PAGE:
Richard Norris Williams
Richard Norris Williams.jpg
Full nameRichard Norris Williams II
Country (sports) United States
Born(1891-01-29)January 29, 1891
Geneva, Switzerland
DiedJune 2, 1968(1968-06-02) (aged 77)
Philadelphia, Pennsylvania, United States
PlaysRight-handed (one-handed backhand)
Int. Tennis HoF1957 (member page)
Career record77–23
Highest rankingNo. 2 (1916, ITHF)[1]
Grand Slam singles results
WimbledonSF (1924)
US OpenW (1914, 1916)
Other tournaments
Olympic GamesQF (1924)
Grand Slam doubles results
WimbledonW (1920)
US OpenW (1925, 1926)
Grand Slam mixed doubles results
WimbledonQF (1924)
US OpenW (1912)
Williams in 1916 at his match against Bill Johnston
Williams in 1916 at his match against Bill Johnston

Richard "Dick" Norris Williams II (January 29, 1891 – June 2, 1968), generally known as R. Norris Williams, was an American tennis player and RMS Titanic survivor.[2]


Richard Norris Williams II
Richard Norris Williams II

Williams was born in Geneva, Switzerland, the son of Philadelphia parents Charles Duane Williams, a direct descendant from Benjamin Franklin, and Lydia Biddle White. He was tutored privately at a Swiss boarding school and spoke fluent French and German. He started playing tennis at age 12, mainly under the guidance of his father.[3]

On January 11, 1919 in Paris, France, Williams married Jean Haddock (1890–1929), daughter of Arthur Henry and Matilda (Stewart) Haddock. They had four children. Jean died aged 38 on April 20, 1929 in Philadelphia. Williams remarried to Frances West Gillmore (1908–2001), daughter of Major General Quincy Adams Gillmore II and Frances West (Hemsley) Gillmore, on October 2, 1930. She was a great-granddaughter of Quincy Adams Gillmore.

Tennis career

In 1911 Williams won the Swiss Championship.[3] A year later he entered Harvard University and became the intercollegiate tennis champion in singles (1913, 1915) and doubles (1914, 1915).[4]

Williams is best known for his two men's singles titles at the U.S. Championships in 1914 (beating Maurice McLoughlin in the final)[5] and 1916 (beating Bill Johnston in the final).[6] He was also on the victorious American Davis Cup team twice: in 1925 and 1926 and was considered a fine doubles player.[1] He also had a reputation in singles of always hitting as hard as possible and always trying to hit winners near the lines. This made him an extremely erratic player, but when his game was sporadically "on", he was considered unbeatable. New York Times tennis writer Allison Danzig claimed that Williams had “one of the most daring attacks tennis had seen. He never played safe. He stood in close, took the ball on the rise, often on the half volley, and played for the lines.”[7] “At his best he was unbeatable, and more dazzling than Tilden."[1]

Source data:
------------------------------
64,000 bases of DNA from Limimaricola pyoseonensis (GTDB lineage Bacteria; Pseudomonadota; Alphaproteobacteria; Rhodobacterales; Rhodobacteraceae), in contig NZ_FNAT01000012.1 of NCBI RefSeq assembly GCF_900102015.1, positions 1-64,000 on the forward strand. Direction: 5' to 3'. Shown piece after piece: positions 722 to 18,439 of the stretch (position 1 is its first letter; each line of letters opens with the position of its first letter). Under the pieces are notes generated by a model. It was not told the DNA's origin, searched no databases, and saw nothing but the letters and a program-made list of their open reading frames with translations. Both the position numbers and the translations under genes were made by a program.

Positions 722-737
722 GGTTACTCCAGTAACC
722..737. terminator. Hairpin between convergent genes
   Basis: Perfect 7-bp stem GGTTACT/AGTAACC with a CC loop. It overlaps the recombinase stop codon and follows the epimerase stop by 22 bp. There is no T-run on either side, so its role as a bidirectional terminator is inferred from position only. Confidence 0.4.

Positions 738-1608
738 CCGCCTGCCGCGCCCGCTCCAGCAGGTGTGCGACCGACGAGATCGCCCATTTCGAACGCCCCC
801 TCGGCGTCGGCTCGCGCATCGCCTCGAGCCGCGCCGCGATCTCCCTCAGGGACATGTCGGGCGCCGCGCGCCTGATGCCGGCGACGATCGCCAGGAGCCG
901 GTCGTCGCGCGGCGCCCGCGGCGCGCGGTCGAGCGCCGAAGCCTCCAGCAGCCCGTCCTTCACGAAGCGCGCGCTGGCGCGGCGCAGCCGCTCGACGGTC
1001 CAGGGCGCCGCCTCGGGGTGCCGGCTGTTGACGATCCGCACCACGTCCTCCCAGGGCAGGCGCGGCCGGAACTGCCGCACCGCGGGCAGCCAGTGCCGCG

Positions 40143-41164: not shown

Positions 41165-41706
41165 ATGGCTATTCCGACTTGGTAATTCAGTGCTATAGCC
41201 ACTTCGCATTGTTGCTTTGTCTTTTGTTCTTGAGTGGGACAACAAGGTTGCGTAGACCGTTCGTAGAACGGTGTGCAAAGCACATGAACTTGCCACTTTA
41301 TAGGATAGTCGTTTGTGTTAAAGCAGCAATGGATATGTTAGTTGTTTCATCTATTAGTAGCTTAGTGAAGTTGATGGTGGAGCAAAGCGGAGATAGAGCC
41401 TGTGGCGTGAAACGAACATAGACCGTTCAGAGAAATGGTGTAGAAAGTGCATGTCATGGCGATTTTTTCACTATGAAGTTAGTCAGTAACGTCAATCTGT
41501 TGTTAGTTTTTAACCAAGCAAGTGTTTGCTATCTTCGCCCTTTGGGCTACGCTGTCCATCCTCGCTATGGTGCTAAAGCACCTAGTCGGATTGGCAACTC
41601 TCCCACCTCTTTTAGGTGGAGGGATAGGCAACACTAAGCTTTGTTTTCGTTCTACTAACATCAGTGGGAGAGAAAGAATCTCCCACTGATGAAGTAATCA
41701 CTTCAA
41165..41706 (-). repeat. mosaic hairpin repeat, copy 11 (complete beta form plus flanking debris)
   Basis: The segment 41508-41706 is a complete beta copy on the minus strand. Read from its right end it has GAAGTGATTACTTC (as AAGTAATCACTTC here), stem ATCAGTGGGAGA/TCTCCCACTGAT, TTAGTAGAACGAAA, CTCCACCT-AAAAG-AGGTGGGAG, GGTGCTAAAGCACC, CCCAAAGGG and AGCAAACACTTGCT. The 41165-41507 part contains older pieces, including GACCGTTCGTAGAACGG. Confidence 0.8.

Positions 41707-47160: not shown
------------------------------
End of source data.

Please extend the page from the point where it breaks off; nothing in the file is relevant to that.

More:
During the 1924 Olympics, at the age of 33 (and with a sprained ankle), Richard Norris Williams became a Gold Medalist in the mixed doubles, partnering Hazel Hotchkiss Wightman.[8] He went on to captain several winning Davis Cup teams from 1921 through 1926 as well as the 1934 team. At age 44, he retired from Championship Tennis.

He was inducted into the International Tennis Hall of Fame (Newport, Rhode Island) in 1957.

RMS Titanic

Williams also gained fame as being a survivor of the RMS Titanic disaster in April 1912. He and his father, Charles Duane Williams, were traveling first class on the liner when it struck an iceberg and sank. Shortly after the collision, Williams freed a trapped passenger from a cabin by breaking down a door. He was reprimanded by a steward, who threatened to fine him for damaging White Star Line property, an event that inspired a scene in James Cameron's film Titanic (1997). Williams remained on the doomed liner almost until the very end. At one point Williams' father tried to get a steward to fill his flask. The flask was given to Williams and remains in the Williams family.

As Titanic began her final plunge, father and son jumped into the water. While Dick was able to save himself, his father was killed by the first funnel falling from the ship.[9] The 21-year-old Williams recalled, "I saw one of the four great funnels come crashing down on top of him. Just for one instant I stood there transfixed – not because it had only missed me by a few feet … curiously enough not because it had killed my father for whom I had a far more than normal feeling of love and attachment; but there I was transfixed wondering at the enormous size of this funnel, still belching smoke. It seemed to me that two cars could have been driven through it side by side." He made his way to the partially-submerged Collapsible A, holding onto its side for quite a while before getting in. When Williams entered the water, he was wearing a fur coat which he quickly discarded along with his shoes. Those in Collapsible A who survived were transferred to Collapsible Boat D, which reached RMS Carpathia. Although abandoned by RMS Carpathia, Collapsible A was recovered a month later. Onboard the lifeboat was the discarded fur coat which was returned to Williams by White Star.[10]